Monday, February 02, 2015

25th Anniversary Specials

On New Year's Day, we celebrated our 25th anniversary at Dunbar Associates!

 I am very grateful to the 300 clients who allowed me a chance to go inside their businesses. In any consulting activity, there is an exchange of ideas.

Implementing a comprehensive food cost control system involves reviews of many mission critical systems: POS systems, vendor online ordering systems, catering banquet event order systems, bar code scanning solutions, accounting systems, and lots of Excel files.

In 1990, the best tools available included Lotus 123, Micros 2700 POS systems, Hayes modems, floppy diskettes, fax machines, and Novel networks. PC Anywhere, WinFax Pro, faster modems, DSL phone lines and numerous computer devices helped to improve connectivity.

After 1995, the speed of innovation picked up tremendously as the world moved quickly toward 1/1/2000. Y2K solutions and new dotcom websites helped technology companies grow faster than the economy.

Many software developers needed to transition from their DOS environment to the newer Windows environment.

It was a fascinating time to work with food service companies.

Today, we are all connected with powerful online tools. Many of the essential pieces of the puzzle for back office pros in 1990 are obsolete. Lotus 123 lost out to Excel. Floppy diskette drives are no longer mentioned. USB ports and DVD/CD drives are used today. I have not seen a Novel network in years.

During 2015, I welcome any of my clients to contact me for any projects. For the entire year, you can hire Dunbar Associates for the same rates you paid when we first met. In late 2005, I started this blog. The blog celebrates it's 9th anniversary with a new report store FoodCostWiz Reports. Our first report, Visual Portion Control, is available at 50% off the $9.95 price - $4.95.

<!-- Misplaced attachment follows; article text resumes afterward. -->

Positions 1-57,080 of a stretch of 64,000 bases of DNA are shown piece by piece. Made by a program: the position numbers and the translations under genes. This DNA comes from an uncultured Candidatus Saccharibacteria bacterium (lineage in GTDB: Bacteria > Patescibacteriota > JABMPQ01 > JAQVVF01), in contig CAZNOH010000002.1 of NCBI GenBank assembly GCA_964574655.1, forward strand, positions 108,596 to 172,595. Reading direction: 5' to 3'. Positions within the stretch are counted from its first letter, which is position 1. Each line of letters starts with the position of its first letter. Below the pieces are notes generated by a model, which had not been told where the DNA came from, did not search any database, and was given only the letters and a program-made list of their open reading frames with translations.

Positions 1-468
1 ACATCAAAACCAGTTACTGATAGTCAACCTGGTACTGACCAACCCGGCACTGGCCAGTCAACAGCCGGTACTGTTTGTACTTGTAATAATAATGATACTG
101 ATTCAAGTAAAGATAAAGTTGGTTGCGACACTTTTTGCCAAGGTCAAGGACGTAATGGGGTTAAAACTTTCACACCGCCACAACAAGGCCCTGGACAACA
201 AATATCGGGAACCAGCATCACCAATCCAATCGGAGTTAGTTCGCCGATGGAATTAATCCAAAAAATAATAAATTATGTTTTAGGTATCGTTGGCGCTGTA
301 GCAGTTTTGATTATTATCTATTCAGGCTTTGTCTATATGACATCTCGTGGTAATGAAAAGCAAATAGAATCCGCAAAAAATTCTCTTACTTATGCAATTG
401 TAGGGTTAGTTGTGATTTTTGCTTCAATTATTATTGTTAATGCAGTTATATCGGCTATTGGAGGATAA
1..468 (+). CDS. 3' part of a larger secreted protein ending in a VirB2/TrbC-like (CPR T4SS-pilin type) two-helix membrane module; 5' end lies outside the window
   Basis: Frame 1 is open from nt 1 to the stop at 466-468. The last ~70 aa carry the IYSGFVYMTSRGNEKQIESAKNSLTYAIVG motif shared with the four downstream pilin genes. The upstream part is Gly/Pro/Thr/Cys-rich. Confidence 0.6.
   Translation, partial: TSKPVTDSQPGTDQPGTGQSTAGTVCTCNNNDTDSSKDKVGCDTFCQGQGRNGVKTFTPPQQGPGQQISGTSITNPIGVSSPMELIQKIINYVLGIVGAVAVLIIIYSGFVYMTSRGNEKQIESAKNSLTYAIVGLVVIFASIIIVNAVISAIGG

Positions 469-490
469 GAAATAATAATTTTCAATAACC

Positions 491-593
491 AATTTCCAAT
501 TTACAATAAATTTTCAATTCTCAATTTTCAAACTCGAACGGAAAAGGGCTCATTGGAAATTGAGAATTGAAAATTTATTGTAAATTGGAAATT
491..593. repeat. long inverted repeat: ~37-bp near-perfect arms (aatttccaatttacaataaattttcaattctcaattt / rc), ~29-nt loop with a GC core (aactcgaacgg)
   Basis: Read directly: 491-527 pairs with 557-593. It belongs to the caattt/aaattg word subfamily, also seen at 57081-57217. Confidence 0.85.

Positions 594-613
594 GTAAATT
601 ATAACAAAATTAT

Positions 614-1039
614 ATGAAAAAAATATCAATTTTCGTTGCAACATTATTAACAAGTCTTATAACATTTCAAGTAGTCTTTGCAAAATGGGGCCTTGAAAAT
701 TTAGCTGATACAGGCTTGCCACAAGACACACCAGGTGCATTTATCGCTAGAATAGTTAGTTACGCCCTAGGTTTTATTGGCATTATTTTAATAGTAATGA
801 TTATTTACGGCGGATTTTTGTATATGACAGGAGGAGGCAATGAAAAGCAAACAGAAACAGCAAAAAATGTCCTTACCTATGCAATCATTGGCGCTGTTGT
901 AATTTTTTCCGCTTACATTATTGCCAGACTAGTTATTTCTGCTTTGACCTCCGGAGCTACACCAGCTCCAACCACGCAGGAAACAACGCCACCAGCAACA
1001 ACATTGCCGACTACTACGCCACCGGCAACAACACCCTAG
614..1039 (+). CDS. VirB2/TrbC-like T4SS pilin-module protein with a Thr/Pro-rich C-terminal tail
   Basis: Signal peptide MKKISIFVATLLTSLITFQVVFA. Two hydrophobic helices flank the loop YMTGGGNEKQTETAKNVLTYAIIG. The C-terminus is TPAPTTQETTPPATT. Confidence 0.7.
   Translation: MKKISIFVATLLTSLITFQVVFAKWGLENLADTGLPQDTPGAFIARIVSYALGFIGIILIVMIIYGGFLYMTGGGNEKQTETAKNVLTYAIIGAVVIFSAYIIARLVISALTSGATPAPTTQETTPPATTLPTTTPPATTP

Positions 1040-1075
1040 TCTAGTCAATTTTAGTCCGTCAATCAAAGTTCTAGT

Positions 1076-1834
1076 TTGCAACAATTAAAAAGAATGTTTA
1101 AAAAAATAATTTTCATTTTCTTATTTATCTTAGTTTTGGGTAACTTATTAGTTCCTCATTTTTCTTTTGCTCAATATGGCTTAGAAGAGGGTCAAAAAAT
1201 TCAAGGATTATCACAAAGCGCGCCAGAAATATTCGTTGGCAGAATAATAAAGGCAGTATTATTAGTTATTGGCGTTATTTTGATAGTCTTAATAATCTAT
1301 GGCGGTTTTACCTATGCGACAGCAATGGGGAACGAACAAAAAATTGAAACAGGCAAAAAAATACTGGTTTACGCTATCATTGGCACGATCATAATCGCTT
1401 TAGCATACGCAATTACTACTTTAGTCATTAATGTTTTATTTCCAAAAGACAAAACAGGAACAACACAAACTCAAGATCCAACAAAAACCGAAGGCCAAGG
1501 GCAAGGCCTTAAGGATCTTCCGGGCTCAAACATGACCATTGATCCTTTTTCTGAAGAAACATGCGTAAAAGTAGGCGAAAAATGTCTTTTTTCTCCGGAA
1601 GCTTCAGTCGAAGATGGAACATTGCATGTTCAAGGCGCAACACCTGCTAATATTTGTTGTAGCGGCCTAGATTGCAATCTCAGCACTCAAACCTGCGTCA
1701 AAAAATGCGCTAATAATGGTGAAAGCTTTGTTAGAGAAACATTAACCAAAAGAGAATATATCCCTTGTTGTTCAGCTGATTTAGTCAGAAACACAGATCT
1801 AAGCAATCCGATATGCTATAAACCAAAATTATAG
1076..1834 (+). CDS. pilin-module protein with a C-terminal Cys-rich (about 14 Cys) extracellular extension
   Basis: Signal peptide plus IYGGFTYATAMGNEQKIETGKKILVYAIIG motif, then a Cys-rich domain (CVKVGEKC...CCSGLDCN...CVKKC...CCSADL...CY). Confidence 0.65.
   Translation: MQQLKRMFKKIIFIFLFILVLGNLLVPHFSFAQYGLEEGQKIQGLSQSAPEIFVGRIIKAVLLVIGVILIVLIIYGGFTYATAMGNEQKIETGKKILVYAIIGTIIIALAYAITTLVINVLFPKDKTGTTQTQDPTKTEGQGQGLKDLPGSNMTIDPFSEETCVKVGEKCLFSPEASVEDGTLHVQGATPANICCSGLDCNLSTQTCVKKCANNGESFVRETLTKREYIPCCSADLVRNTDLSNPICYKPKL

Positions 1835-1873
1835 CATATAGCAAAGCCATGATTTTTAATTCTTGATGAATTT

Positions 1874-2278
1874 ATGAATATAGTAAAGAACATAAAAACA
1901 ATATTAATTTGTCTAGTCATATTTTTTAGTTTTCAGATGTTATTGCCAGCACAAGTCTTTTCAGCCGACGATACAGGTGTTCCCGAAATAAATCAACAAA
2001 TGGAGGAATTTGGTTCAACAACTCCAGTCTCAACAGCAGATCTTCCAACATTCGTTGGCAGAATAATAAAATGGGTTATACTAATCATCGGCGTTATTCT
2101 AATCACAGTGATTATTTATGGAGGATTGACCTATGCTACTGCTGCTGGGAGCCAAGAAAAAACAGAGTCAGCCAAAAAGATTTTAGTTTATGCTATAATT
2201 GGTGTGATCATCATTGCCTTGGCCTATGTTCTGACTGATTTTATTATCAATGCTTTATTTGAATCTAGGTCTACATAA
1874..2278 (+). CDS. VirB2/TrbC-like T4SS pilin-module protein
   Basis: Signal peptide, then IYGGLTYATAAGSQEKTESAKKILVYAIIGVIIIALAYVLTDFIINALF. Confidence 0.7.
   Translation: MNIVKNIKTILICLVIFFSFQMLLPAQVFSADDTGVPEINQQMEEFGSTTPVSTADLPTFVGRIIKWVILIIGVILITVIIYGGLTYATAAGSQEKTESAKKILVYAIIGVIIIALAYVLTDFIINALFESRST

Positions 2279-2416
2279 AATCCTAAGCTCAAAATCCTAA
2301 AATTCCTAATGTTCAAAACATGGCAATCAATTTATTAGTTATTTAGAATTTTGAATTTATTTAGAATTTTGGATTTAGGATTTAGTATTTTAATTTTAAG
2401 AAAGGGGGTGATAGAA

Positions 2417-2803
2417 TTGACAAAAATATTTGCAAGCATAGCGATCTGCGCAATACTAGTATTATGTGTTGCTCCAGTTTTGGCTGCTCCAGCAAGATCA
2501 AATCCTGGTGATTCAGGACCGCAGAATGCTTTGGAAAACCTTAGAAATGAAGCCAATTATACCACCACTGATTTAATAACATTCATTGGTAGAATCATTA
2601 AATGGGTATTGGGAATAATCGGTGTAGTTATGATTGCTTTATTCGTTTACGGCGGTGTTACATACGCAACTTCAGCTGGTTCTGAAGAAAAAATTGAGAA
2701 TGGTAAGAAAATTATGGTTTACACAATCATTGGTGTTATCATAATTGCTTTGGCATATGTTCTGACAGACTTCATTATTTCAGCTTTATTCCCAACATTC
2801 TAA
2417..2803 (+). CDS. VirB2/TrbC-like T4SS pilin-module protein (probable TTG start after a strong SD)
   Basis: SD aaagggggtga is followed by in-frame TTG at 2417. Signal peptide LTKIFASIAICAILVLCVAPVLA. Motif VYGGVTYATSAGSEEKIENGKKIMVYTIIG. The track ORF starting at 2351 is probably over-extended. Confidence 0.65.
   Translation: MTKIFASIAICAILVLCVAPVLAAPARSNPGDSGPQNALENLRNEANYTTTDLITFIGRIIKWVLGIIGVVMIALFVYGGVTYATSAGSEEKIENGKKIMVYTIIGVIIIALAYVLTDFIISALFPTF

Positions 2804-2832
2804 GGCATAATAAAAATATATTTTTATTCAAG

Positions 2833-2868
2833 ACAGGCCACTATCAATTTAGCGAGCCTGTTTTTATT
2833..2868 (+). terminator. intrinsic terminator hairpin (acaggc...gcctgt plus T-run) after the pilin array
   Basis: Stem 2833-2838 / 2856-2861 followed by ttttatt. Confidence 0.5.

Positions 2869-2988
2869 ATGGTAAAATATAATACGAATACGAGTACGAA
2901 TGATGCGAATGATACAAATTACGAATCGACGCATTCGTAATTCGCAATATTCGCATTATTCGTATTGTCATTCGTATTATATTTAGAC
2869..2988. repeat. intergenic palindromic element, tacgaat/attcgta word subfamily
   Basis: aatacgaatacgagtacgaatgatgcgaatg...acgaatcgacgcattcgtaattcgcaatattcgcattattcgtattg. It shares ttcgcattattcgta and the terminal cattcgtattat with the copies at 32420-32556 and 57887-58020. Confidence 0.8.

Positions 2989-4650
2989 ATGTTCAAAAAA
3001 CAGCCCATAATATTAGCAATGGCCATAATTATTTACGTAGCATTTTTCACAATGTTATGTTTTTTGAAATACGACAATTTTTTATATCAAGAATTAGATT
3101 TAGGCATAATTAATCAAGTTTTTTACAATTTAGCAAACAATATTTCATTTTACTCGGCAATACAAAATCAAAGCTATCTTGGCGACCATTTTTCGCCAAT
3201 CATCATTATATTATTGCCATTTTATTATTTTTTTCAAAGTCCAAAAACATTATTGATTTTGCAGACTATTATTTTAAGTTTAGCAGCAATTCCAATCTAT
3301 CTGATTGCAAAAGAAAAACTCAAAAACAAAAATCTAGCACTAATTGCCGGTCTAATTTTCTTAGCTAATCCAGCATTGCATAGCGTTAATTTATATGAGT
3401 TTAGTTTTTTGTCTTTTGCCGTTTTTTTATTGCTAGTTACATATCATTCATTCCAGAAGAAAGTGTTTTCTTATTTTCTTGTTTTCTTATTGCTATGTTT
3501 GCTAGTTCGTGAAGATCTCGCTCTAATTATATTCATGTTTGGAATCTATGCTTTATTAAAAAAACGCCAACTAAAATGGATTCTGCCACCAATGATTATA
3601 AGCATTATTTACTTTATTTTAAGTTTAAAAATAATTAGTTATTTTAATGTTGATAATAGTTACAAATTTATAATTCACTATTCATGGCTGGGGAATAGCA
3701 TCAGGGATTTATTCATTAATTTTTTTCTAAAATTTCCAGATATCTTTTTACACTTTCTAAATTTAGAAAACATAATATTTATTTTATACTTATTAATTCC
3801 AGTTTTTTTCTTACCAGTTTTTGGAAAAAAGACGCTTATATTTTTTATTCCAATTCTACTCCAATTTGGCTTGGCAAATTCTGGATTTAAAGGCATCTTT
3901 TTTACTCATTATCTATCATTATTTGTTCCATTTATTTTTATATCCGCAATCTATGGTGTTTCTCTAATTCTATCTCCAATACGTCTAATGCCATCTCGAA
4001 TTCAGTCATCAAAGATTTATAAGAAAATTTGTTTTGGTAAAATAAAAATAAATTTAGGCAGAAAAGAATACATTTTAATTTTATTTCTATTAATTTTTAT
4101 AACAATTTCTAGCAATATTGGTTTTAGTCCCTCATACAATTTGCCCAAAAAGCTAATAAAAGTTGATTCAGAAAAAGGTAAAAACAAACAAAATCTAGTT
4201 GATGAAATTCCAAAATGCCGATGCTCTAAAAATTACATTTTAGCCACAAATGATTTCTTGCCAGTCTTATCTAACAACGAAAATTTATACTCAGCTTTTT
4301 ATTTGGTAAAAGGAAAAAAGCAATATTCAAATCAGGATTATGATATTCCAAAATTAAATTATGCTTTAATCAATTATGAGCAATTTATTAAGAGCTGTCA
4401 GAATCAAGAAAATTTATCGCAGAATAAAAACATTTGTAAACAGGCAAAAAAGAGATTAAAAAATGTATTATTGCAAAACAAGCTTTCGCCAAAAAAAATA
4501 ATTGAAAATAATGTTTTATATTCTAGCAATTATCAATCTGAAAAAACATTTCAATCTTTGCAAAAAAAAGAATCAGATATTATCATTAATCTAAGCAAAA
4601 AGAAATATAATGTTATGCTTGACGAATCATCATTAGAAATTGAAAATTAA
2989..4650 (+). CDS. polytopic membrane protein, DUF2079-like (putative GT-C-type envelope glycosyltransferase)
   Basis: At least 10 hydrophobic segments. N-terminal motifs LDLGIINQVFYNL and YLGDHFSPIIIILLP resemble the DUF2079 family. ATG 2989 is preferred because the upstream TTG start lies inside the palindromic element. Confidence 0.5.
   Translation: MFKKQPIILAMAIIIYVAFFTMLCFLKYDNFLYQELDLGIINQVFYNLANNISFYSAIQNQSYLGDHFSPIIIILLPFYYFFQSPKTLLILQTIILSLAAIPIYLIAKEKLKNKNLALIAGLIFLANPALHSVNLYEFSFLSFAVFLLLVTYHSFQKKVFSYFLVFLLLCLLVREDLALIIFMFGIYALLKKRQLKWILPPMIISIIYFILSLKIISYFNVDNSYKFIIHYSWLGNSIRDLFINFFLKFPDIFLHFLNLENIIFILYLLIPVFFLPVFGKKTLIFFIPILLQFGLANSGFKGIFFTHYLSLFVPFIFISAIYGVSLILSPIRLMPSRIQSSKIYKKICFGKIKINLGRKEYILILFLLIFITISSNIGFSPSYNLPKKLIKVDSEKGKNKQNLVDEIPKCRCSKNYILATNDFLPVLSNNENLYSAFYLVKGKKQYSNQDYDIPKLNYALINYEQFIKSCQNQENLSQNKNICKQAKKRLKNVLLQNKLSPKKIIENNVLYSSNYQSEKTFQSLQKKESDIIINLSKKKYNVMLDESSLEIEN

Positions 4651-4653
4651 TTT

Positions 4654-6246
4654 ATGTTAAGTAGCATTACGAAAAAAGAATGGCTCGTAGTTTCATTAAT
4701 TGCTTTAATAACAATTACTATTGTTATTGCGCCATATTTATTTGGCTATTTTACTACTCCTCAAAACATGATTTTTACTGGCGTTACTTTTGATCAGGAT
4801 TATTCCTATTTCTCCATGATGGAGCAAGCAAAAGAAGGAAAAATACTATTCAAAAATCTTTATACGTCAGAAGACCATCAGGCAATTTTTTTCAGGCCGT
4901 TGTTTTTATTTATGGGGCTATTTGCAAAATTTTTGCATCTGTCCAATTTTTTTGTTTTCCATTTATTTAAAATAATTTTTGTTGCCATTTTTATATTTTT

In a few weeks, our new text book will be available for restaurant managers, educators and students.  Please stay tuned for more information.

Monday, January 19, 2015

Food Cost Tips - Fabrication and Butchering

BASIC BUTCHER YIELDS
Many restaurants purchase large wholesale cuts of meat.  Generally, these cuts offer a lower price point to the skilled butchers.  They take advantage of their diverse menu selections and utilize the trim associated with these cuts.  Packers offer restaurants a selection of quality grades including prime, choice and select.  It is important to purchase prime or choice cuts for steaks and chops. 

Stew meat and ground meat do not require prime cuts.  If you butcher a prime cut and are left with stew meat and ground meat trim, how should you treat this in your food cost?  The best way to determine the proper credit is to pretend you needed to buy stew meat or ground meat.  This purchase price should be used to determine the credit.  You need to know the current cost per pound of ground meat and for stew meat.

Most butcher yield sheets have one to three primary uses for the meat.  In addition, these sheets record usable and unusable trim weights.  The key to success is following the total price paid for each wholesale cut (or box of several pieces) all the way through to the cost per portion for each primary use.